4) Because it doesn’t rely on lazy stereotypes: The show makes it clear that being gay is far more than the stereotype still bandied about by lots of people who think gay men are just about rainbows, musicals and flamboyant camp, kind of like fabulous gay accessories. Being gay isn’t a box-ticking exercise, people’s sexuality is a part of who someone is, it’s doesn’t define them. The team make it clear that gay men and women exist across all landscapes and that one-dimensional representations are neither helpful nor accurate. All too often, gay men or women are portrayed on screen as the victims of bullying but Queer Eye gives viewers the clear message that there are happy ever endings for gay people and it’s everyone’s right to live their best life. Preach.

5) Because it’s emotional: The men that the team visit all feel forgotten, to an extent, and the Fab Five bring them back to life and to living. No one talks about weight or looks, when it comes to house or personal make-overs the superficials are glossed over in favour of the bigger deal, the emotions. Men being told on television that it’s OK to be lonely, to be sad, to be scared? That’s not something you see every day, is it? Think about it: when was the last time you saw a group of men all together being nice to each other? And for the viewer, it’s like a cross between DIY SOS and How to Look Good Naked with a side serving of stereotype-bashing.

6) Because the Fab Five are fearless: I remember one of my relatives asking me which of my lesbian friends was “the husband” in her relationship. In the very first episode of this reboot, Tom the lonely dump-truck driver from Georgia who looks a bit like a tobacco-stained Santa asked pretty much the same question of design specialist Bobby Berk, who has been married to husband Dewey for more than five years. Tom isn’t being malicious, it’s just that ‘gay’ isn’t part of his life – by the end of his time with the make-over team, Bobby has five GBFFs and knows better than to the kind of questions that make the LGBT community collectively sigh.

7) Because of Karamo Brown: The man is just exceptional. He was the first openly-gay African American to appear on reality TV in America (The Real World: Philadelphia in 2005, MTV), his last straight relationship aged 15 resulted in a son who he had no idea about until the child was 10 (he immediately took full custody of son Jason and later adopted Jason’s half-brother, Chris), he dedicated 10 years to being a social worker, he worked under the Obama Administration to create policy and legislation to support LGBT young people, he formed his own non-profit organisation which aims to combat the stigma associated with HIV and LGBT African American men. And, as shallow as it is, Karamo is insanely hot – he looks as if he’s been manufactured in a factory of hotness. He is hotter than the surface of the sun.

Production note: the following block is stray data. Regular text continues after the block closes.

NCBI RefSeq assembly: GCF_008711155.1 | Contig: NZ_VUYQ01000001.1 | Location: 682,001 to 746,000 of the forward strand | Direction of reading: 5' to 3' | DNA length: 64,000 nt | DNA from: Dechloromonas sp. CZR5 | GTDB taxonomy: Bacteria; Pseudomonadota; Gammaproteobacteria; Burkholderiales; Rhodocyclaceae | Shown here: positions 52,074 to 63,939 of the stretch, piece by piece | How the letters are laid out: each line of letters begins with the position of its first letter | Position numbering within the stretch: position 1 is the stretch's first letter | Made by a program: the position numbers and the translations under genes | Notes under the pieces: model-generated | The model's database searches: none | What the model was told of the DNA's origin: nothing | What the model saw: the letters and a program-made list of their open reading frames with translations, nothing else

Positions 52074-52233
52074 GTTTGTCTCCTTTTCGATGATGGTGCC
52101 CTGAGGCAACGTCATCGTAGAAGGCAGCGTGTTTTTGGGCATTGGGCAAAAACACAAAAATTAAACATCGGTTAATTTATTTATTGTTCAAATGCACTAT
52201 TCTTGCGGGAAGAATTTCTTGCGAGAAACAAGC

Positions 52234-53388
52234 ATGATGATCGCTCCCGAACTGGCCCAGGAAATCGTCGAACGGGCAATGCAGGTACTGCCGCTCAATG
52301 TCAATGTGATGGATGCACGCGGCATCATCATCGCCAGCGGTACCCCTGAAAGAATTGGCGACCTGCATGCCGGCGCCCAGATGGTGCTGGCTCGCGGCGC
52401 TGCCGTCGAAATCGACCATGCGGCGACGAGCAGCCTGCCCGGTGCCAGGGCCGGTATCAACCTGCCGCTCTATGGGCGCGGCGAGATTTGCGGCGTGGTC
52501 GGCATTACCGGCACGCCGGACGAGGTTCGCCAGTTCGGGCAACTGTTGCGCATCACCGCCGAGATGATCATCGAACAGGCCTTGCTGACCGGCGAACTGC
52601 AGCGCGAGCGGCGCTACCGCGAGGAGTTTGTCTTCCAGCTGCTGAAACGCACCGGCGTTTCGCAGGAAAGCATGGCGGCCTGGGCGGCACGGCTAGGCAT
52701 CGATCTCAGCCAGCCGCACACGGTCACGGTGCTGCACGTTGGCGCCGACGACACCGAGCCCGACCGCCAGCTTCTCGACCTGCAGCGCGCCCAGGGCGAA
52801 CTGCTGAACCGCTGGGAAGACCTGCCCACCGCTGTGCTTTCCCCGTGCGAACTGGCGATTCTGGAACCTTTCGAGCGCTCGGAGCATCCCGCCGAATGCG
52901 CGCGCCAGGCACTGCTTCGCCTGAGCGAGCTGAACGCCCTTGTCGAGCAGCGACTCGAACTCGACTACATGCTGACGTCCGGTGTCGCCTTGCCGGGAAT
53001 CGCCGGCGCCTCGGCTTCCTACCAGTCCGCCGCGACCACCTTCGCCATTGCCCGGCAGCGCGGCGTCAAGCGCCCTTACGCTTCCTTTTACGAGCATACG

8) Because of episode five: Father-of-six Bobby is a devout Christian who has been brought up to believe that homosexuality is wrong. However, he invites the five men into his house and tells them that he wants them to feel welcome: “You’ve taught me so much about loving somebody who has come from a different background from me, that has a different world view htan me, who has a different story.” SOB.

9) Because the advice given is practical: The five don’t roll up in their glass carriage, take Georgian men to New York Fashion Show and teach them how to cook Heston Blumenthal’s Perfect Chilli Con Carne which requires 10 different chilli powders, nine of which have to be bought from different suppliers online, two bottles of red wine, a litre of Jack Daniels and a pressure cooker – they take them to Target to go shopping and teach them how to grill cheese. Aspirational, in the true sense of the word.

10) Because it makes it crystal clear that men showing their vulnerable is important: Society is so stuck on the idea that ‘being a man’ means men must absorb the impact of anything which is thrown at them and be both physically and emotionally strong despite the circumstances that it can be difficult for men to accept that they can be upset. Women do not have the monopoly on showing their feelings and ‘toxic masculinity’ has been shown to be deadly and emotionally damaging. Queer Eye takes this assumption of what ‘manliness’ is and turns it upside down, it’s about making men’s lives happier and healthier without asking them to change who they are. And that’s groundbreaking.